SEOUL, South Korea — He preyed on young women looking for high-paying jobs through social media platforms. He lured them into making sexually explicit video clips, promising big payouts. Then, prosecutors said, once he got ahold of the compromising images, he used them as blackmail.
On Thursday, Cho Joo-bin, the South Korean mastermind of a scheme luring young women into making videos that he sold online through encrypted chat rooms, was sentenced to 40 years in prison.
The criminal acts by Mr. Cho “inflicted irreparable damage on the victims,” Judge Lee Hyun-woo of the Seoul Central District Court said in handing down the sentence. Prosecutors had asked the court to send Mr. Cho to prison for life for crimes they called “unprecedented” in the country.
The case drew outrage for its cruelty against young women — eight of his victims were minors. It came amid a broader conversation over the treatment of women in South Korea and helped fuel a nascent #MeToo movement in the country. It also added to the scrutiny of technology’s role in such crimes: It was the first time that the South Korean police had uncovered an organized crime ring that made such footage and sold it online, using cryptocurrency.
Women’s rights advocates have said that the local courts’ light punishments for sexual crimes have helped pornographic file-sharing websites proliferate in the country. On Thursday, some gathered in front of the courthouse to demand the maximum punishment for Mr. Cho and his accomplices.
“The judiciary should realize that its soft-glove punishment has been responsible for helping sexual exploitation crimes grow in large scale,” the advocates said in a statement that was read aloud during the rally. “These online sexual exploitation sites disappear and then reappear repeatedly, and we should not let our guard down until the perpetrators face severe punishment.”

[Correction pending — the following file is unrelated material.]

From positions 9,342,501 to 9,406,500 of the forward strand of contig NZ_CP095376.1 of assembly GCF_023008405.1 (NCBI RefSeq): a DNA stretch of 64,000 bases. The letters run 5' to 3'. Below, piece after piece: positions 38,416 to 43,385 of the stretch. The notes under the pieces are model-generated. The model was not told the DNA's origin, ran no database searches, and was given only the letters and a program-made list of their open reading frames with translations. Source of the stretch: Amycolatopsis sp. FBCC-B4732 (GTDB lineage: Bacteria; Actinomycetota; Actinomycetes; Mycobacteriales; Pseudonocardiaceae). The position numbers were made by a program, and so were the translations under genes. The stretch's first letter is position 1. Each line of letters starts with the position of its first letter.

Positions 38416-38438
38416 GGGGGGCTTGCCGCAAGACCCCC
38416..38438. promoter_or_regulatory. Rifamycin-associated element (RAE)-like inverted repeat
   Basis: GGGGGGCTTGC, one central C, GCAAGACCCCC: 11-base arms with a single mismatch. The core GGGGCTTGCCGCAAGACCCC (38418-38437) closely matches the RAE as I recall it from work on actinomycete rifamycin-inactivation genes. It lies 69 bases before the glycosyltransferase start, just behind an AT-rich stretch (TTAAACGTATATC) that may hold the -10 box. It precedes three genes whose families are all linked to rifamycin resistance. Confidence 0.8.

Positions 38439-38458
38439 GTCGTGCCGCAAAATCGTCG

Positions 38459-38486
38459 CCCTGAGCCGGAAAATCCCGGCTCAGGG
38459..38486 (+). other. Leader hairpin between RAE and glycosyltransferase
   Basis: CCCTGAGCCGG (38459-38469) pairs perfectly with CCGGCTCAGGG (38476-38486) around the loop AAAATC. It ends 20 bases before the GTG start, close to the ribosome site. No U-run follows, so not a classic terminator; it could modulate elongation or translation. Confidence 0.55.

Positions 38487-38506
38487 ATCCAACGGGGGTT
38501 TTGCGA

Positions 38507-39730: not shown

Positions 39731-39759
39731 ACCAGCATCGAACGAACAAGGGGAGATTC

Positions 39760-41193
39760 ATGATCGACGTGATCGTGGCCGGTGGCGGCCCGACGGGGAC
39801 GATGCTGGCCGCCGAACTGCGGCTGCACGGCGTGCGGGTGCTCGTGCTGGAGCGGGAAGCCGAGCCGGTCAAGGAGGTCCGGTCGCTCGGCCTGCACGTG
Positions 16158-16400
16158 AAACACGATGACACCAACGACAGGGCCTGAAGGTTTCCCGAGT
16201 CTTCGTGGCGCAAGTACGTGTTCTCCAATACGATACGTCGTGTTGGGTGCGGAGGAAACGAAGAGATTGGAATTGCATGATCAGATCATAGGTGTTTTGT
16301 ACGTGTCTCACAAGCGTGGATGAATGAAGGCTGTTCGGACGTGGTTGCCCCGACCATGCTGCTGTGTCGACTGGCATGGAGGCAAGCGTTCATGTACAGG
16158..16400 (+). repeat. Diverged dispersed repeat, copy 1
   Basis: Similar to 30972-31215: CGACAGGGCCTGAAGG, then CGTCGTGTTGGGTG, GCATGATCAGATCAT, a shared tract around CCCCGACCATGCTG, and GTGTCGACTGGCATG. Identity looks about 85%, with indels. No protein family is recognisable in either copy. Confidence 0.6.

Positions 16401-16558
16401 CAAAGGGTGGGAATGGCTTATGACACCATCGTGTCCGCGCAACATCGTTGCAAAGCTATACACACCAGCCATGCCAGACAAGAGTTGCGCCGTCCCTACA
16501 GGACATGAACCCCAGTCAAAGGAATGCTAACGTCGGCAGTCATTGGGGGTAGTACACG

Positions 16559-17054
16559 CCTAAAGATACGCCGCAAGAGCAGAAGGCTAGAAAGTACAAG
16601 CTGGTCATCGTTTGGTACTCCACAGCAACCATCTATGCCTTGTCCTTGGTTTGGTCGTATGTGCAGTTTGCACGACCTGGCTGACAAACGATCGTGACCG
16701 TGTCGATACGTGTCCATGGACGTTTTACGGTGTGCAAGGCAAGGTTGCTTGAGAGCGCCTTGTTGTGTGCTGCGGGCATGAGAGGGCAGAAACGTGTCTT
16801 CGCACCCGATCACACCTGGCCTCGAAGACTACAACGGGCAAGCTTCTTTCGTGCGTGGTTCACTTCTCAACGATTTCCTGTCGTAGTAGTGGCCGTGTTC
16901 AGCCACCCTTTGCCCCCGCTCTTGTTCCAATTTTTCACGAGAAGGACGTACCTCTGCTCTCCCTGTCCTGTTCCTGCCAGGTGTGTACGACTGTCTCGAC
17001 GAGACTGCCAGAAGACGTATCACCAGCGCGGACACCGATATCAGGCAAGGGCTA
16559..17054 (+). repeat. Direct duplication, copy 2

Before he was linked to the chat room scheme, Mr. Cho was the editor of the newspaper at a vocational college in Incheon, west of Seoul. He then became the ringleader of a group of South Korean men who ran the clandestine online chat rooms to share and trade in sexually explicit footage. His accomplices were in their 20s and even teenagers.
Prosecutors said that between May 2019 and February this year, Mr. Cho exploited 17 female victims for profit, circulating the footage in members-only chat rooms that he operated under an alias, “The Doc,” on Telegram, an encrypted messaging service popular in South Korea, prosecutors said.
He used the explicit images and personal data to blackmail the women, threatening to release the clips online or to their friends and relatives unless the victims supplied increasingly dehumanizing and violent footage, often tailor-made for customers. Mr. Cho once forced a 15-year-old girl to meet a paid customer to perform sex acts, prosecutors said.
The police eventually tracked Mr. Cho down, and when he was arrested in March, they kept his identity from the public, in its usual policy of protecting criminal suspects’ identities to respect their rights and that of their relatives. But millions of South Koreans joined an online petition asking the government to reveal his name and image and to identify all customers of online chat rooms operated by Mr. Cho and others like him.